The Checklist for Having a Difficult Conversation
There are few things more awkward than having a difficult conversation, but there’s a staggering cost to avoiding conflict in the workplace. Exit interviews reveal that “chronic unresolved conflict” is a decisive factor in at least 50% of all employee departures. I’d like to suggest that we start thinking about conflict differently, as a good thing. What if we used a negative situation to create positive change? What if we considered the following so we can “be the change” we want to see. Scroll down for some of my personal checklist for handling a difficult conversation.
Be laser sharp about your goal by running through this checklist first. What precisely do you want to accomplish with the conversation? Does this mean the conversation should be directed to another person? What is your ideal outcome? What are you committed to provide in order to create a solution? What obstacles might prevent these outcomes from taking place? Often when I give real consideration to these points, my position (and attitude) changes dramatically.
Reflect on your attitude toward the situation and the person you need to involve. What are your preconceived notions about it? Your mindset will predetermine your reaction and interpretation of the other person's responses. It pays to approach such a conversation with the right mindset—don’t assume anything.
Being emotional when you confront any type of conflict is normal, but it doesn’t help your case to reach a compromise. Resist the temptation to escalate the situation by adopting a neutral tone. Demonstrate you are committed to respecting the views of others, even if you don’t agree.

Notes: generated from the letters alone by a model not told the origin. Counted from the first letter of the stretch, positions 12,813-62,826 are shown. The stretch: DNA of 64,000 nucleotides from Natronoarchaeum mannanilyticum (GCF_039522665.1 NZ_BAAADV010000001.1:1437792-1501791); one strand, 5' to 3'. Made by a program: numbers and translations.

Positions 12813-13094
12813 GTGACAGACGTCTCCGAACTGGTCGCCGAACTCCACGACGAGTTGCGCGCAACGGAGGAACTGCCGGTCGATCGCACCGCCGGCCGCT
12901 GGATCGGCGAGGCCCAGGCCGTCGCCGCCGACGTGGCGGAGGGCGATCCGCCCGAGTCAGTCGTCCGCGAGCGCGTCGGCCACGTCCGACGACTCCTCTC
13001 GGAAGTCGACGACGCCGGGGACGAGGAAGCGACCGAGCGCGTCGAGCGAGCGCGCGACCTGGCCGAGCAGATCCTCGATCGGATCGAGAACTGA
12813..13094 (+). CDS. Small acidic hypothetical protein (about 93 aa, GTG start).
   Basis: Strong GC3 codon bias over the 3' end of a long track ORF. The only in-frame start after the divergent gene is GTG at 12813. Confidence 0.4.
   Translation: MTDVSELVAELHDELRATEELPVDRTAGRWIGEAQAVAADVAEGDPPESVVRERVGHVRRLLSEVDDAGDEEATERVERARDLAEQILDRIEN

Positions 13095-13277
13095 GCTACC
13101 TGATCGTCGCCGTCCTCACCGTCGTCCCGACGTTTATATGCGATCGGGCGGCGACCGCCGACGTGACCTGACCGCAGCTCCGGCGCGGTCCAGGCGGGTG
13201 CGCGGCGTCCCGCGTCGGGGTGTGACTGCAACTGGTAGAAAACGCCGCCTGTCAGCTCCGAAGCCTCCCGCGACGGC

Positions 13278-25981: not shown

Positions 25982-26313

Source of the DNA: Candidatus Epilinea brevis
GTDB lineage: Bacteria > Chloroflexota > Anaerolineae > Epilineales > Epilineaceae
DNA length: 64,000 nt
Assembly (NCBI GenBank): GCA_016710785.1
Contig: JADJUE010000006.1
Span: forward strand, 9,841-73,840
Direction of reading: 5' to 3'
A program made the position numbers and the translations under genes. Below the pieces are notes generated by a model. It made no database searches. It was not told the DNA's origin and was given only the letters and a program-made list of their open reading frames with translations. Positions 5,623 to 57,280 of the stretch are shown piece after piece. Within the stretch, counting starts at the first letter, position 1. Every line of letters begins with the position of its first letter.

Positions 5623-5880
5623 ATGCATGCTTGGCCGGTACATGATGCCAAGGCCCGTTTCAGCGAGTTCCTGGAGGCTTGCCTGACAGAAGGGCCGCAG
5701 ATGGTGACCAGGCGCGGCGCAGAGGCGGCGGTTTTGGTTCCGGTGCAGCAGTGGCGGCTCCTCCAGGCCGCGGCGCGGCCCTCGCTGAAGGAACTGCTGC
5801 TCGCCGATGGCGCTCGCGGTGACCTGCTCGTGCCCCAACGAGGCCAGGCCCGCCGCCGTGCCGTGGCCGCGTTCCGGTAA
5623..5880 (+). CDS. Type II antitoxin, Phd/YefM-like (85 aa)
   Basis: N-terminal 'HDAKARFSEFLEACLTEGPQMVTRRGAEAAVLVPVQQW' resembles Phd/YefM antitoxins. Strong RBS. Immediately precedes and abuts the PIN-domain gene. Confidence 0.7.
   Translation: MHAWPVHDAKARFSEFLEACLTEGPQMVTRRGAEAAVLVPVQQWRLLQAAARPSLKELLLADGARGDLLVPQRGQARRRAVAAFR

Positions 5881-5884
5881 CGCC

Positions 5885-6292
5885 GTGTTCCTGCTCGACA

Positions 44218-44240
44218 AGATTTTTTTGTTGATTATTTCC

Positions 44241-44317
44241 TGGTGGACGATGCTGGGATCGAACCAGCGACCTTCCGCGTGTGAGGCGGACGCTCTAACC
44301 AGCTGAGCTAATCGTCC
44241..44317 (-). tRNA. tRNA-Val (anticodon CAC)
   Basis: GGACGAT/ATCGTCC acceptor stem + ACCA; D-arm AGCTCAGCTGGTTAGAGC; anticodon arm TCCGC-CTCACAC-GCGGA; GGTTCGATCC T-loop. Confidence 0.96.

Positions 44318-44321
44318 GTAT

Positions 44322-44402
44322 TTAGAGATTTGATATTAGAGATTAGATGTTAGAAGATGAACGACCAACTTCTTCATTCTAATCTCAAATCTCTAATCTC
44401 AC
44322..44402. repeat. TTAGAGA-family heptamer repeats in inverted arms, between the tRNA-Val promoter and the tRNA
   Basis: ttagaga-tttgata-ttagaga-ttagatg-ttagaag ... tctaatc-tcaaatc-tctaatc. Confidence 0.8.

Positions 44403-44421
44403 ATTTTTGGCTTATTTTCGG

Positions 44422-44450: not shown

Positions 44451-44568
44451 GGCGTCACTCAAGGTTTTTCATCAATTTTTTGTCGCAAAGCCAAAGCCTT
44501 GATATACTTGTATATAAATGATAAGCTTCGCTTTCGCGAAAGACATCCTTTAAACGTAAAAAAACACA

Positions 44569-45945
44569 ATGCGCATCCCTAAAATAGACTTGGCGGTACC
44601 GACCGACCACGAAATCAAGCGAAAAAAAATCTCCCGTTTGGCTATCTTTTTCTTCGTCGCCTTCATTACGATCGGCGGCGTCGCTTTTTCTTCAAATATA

When we truly embrace silence, we are signaling that we’re comfortable with our position and in control. Resist the temptation to talk only to fill the vacuum. Just as the pause between musical notes helps us appreciate the music, so the periodic silence in the conversation allows us to hear what was said and lets the message sink in. Stop talking and allow the information to be processed; it can lead to a better outcome.
Limit any collateral damage to a relationship. It takes years to build bridges with people and only seconds to blow them up. Think long term about the situation, and act accordingly. No one wants to be the person known for being hot-headed or unreasonable to deal with.
Establishing a strong and consistent personal brand is underpinned by a genuine and sincere approach to those around us. And this includes taking control in moments where there’s an opportunity to deepen a relationship, instead of letting it go. So next time you find yourself hesitating to confront a colleague or client, run your checklist and be proud of the way you conduct yourself.
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How do you handle difficult conversations at work? Do you have any tips? Share them with us below.